Preguntas frecuentes sobre la administración de sucesiones y sucesiones

Frequently asked questions

An estate is comprised of all the property a person owns when they die. Because that person can no longer make use of that property, it needs to be administered, or distributed, to who is entitled to it so that they can use it or dispose of it as they see fit. This process also allows for the decedent’s debts to be settled so that the property may pass to heirs without any concerns about creditors potentially asserting a claim against the property.

Property can transfer after death in several different ways. Ideally, the decedent left some estate planning documents, such as a Last Will and Testament or a Revocable Living Trust, to guide those he or she left behind in distributing their assets.

Depending on the type of instrument left behind, a decedent’s property may need to go through the Probate process to pass to other individuals. This typically occurs when there is a Last Will and Testament left behind or, if no arrangements were made, a probate process may be done “intestate,” meaning the distributions will be made according to a set structure provided for in law.

Sometimes, probate can be avoided if the necessary arrangements were made prior to death, such as a community property agreement or a properly formed and organized trust. There is also a process for estates that are below a certain dollar limit to avoid the cost of probate.

In probate, the person in charge of following the decedents’ wishes, or the law if no estate planning documents say what those wishes are, is usually referred to as the Personal Representative. You may have heard this position referred to as an Administrator or Executor as well.

Usually, the Personal Representative is named in the decedent’s will. Otherwise, it is usually the closest relative that is willing to serve in that capacity if no other relatives object to it. To be appointed as the personal representative, the individual named must “Probate” the will. Probate is the process by which a court formally recognizes a decedents Last Will and Testament

One of the first parts of the probate process is to petition the Court to appoint the Personal Representative and issue them Letters Testamentary, which give them authority to conduct the affairs of the estate.

Once appointed, the Personal Representative manages the decedent’s estate in order to wind up the decedent’s affairs. The Personal Representative must collect all the decedent’s property, collect any outstanding income, inventory and value the property, identify all the decedent's debts, pay or settle those debts, pay the decedent's last taxes, and finally distribute the remaining property to the beneficiaries in accordance with the will or by statute in the absence of a will.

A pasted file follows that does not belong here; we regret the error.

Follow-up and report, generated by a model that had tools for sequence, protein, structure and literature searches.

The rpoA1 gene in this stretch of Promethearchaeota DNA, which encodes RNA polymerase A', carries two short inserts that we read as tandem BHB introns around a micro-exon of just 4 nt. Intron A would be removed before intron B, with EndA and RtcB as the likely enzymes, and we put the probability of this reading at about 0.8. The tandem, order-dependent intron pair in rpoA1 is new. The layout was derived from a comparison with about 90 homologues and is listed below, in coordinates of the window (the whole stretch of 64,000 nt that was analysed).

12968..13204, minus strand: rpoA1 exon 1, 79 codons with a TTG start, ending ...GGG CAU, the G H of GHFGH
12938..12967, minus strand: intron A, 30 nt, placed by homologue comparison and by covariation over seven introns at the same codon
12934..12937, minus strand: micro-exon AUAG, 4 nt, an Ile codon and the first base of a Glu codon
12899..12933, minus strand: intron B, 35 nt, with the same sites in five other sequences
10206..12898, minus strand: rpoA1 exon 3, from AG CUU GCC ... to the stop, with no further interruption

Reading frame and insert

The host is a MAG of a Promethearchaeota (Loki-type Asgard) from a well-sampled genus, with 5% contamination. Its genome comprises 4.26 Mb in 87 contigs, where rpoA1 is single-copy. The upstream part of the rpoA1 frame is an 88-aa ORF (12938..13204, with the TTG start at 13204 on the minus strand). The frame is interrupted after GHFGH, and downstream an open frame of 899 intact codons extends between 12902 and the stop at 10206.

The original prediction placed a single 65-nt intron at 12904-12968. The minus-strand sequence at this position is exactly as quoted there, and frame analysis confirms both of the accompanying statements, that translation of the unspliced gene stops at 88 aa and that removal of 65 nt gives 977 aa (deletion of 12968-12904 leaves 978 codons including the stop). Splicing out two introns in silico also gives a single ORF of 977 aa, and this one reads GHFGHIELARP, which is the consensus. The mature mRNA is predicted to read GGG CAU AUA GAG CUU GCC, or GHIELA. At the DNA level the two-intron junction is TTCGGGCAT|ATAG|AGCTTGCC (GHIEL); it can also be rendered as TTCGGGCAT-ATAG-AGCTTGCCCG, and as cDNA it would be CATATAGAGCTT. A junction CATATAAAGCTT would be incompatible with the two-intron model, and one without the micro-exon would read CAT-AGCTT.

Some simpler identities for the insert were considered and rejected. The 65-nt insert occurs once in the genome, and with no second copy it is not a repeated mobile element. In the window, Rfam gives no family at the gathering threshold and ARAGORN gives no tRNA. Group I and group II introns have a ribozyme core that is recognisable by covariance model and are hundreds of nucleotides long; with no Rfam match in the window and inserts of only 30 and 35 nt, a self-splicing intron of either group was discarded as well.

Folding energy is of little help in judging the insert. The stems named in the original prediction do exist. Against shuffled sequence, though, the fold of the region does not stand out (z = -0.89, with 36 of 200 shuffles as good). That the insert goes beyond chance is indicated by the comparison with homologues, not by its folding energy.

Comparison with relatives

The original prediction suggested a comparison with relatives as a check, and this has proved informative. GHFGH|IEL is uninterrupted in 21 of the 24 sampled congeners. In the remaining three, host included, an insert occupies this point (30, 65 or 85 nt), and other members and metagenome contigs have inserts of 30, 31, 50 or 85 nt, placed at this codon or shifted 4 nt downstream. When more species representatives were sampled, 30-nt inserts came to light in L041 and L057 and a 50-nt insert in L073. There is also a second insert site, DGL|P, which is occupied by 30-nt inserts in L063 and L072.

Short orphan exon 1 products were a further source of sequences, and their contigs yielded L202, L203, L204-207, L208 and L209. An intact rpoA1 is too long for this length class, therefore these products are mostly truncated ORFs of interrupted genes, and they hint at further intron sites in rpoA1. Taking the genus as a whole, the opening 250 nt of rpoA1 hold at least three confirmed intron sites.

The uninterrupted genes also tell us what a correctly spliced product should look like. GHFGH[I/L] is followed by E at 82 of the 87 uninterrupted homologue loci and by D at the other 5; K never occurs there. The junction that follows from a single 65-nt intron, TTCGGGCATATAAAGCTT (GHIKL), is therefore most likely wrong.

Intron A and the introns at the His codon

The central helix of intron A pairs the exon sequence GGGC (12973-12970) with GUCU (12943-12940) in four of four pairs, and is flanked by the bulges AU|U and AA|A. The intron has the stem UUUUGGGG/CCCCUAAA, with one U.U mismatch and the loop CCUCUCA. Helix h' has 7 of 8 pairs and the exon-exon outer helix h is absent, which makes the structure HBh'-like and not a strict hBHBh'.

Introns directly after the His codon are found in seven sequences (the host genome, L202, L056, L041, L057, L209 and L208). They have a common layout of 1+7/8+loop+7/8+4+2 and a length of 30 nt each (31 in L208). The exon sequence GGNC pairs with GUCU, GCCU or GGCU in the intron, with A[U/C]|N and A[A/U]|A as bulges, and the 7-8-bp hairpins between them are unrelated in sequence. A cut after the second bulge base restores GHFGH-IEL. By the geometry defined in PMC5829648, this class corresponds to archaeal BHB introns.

Unfortunately, the typical lawyer answer is that “it depends.” Generally speaking, if the estate is fairly simple, and there are no bumps along the road (such as disputes between heirs), the process can be accomplished in 6-12 months. Fortunately, if there are immediate needs of the estate, the Personal Representative can immediately take action once they have their letters testamentary. Depending on the speed in which you can gather the necessary information, those can be issued in a matter of days following the death of the decedent.

(1) Identify the decedents assets and how each will transfer. Things such as life insurance proceeds or joint accounts with right of survivorship will generally pass automatically by operation of law. Other property, like vehicles or real property, usually take some amount of action, whether it be through the probate process or through making affidavits.

(2) If a probate is necessary, open an estate, get appointed as the personal representative, and obtain letters testamentary to administer the estate.

(3) Inventory the assets that need to pass through the probate process.

(4) Identify and provide notice to creditors.

(5) Pay decedent’s creditors that timely file claims against the estate.

(6) Determine decedent’s final tax liability, as well as the tax liability of the estate, and pay the taxes if there are any.

(7) Distribute the remaining property as directed or authorized by law.

(8) Close the estate.

Just as the length of the process can vary, so can the cost. Depending on the method of transfer, whether probate is necessary, and how complex the estate is, the cost can vary. This is why Earl and Edwards PLLC offers a free initial consultation so we can get a good picture of what is on the road ahead, determine the most efficient way to administer the estate, and provide you an accurate estimate of the cost of administering the estate.

If you have any other questions please reach out to us!